ANKARA, Turkey – Fighting between Kurdish rebels and Turkey’s army and air force in southeastern Turkey and northern Iraq killed 15 soldiers and at least 23 insurgents, the military said Saturday, in the deadliest battle between them in eight months.
Prime Minister Recep Tayyip Erdogan said 20 soldiers also were wounded in the fighting, and the battle prompted him to cut short an official visit to Turkmenistan and return home Saturday.
President Abdullah Gul also canceled an official visit to France, scheduled for Sunday. “Whatever the cost, the fight will go on full force,” Gul told reporters before meeting with Gen. Ilker Basbug, the chief of the military.
Friday’s fighting involved a rebel attack on soldiers near a military outpost in southeastern Turkey, and Turkish warplanes, helicopters and artillery units pounding insurgent positions in northern Iraq, said Brig. Gen. Metin Gurak, a military spokesman.
Gurak said the Turkish forces were reacting to Kurdish rebel movements they had detected in northern Iraq and the rebel attack near the outpost in Aktutun, Turkey, about six miles north of the Iraqi border.
Gurak’s statement said most of the 15 Turkish fatalities occurred near the outpost and were the result of heavy rebel fire from northern Iraq. He did not identify the weapons used by the insurgents, but the pro-Kurdish Firat news agency’s Web site quoted Kurdish rebels as saying they used rocket launchers and assault rifles in the attack.
Turkish forces killed at least 23 Kurdish rebels, but more may have died during the artillery and air force attacks in northern Iraq, Gurak said.
He did not say whether soldiers crossed the border into Iraq during the fighting.
In addition to the 15 soldiers killed, two were missing, Gurak said. The Kurdistan Workers’ Party, or PKK, insurgents have kidnapped Turkish soldiers in the past during similar attacks.
Ahmed Deniz, a PKK spokesman in northern Iraq, said Saturday that the rebels had attacked a small Turkish army camp from four directions and that the fighting was continuing. He declined to give any figures on the PKK casualties and vowed to keep fighting.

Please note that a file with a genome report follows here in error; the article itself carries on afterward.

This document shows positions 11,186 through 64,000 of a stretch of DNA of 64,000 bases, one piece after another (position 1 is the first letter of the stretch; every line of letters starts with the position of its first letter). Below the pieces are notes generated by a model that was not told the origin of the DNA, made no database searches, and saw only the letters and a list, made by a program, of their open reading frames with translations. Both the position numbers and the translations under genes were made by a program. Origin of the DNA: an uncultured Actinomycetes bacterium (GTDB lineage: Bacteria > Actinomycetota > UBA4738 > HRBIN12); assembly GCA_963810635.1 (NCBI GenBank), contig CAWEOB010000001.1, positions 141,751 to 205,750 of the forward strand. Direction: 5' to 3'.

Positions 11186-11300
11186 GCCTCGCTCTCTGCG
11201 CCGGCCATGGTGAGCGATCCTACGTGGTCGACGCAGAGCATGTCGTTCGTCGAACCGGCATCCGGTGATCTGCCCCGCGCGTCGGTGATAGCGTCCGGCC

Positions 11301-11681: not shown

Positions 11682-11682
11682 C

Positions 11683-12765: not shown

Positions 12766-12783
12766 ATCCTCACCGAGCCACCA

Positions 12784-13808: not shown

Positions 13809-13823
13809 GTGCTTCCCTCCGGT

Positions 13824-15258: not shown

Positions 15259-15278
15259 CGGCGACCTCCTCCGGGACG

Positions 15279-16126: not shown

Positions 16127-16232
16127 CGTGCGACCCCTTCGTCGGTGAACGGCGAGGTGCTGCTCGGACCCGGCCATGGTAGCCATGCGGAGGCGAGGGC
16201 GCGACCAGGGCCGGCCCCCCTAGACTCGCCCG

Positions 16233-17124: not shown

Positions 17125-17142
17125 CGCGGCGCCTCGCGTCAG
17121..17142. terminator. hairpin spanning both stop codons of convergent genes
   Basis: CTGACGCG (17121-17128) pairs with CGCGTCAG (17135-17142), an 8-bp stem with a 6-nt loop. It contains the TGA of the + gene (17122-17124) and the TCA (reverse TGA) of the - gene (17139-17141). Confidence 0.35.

Iraq’s government, the European Union, NATO and the U.S. Embassy in Ankara all issued statements Saturday condemning the rebels and supporting Turkey.
“We mourn with the citizens of Turkey and extend our condolences to the families of the soldiers who lost their lives,” the embassy said. “President Georgia W. Bush has labeled the PKK a common enemy of the United States, Turkey and Iraq, and we reiterate our long-standing call for the PKK to lay down its arms and cease its violence once and for all.”
But Iraqi government spokesman Ali al-Dabbagh also urged Turkey “to deal with this criminal act wisely and to show restraint.”
Turkey’s Foreign Ministry renewed its call on Iraq to capture the Kurdish rebels and work to prevent future attacks. “This attack by the PKK with the use of heavy weaponry from northern Iraq presents a grave situation. We expect Iraq to fulfill its responsibilities,” the ministry said.
Friday’s fighting was the deadliest battle between Kurdish rebels and Turkish forces since February, when Turkey staged a weeklong ground offensive against guerrillas based in northern Iraq and claimed to have killed hundreds of them. Friday’s rebel attack also came two weeks after Gen. Basbug said the insurgents were “withering” under the military’s operations.
Next week, Turkey’s Parliament is scheduled to vote on a proposal to extend for another year a mandate, giving its military authorization for cross-border operations against Kurdish rebel bases in northern Iraq. The current authority which expires on Oct. 17.
The military has said its cross-border offensives have destroyed several rebel hideouts, but the PKK insurgents have denied that. The rebels, based in predominantly Kurdish southeastern Turkey and northern Iraq, have been fighting for autonomy since 1984, alleging a history of discrimination and human rights abuses against the Kurds.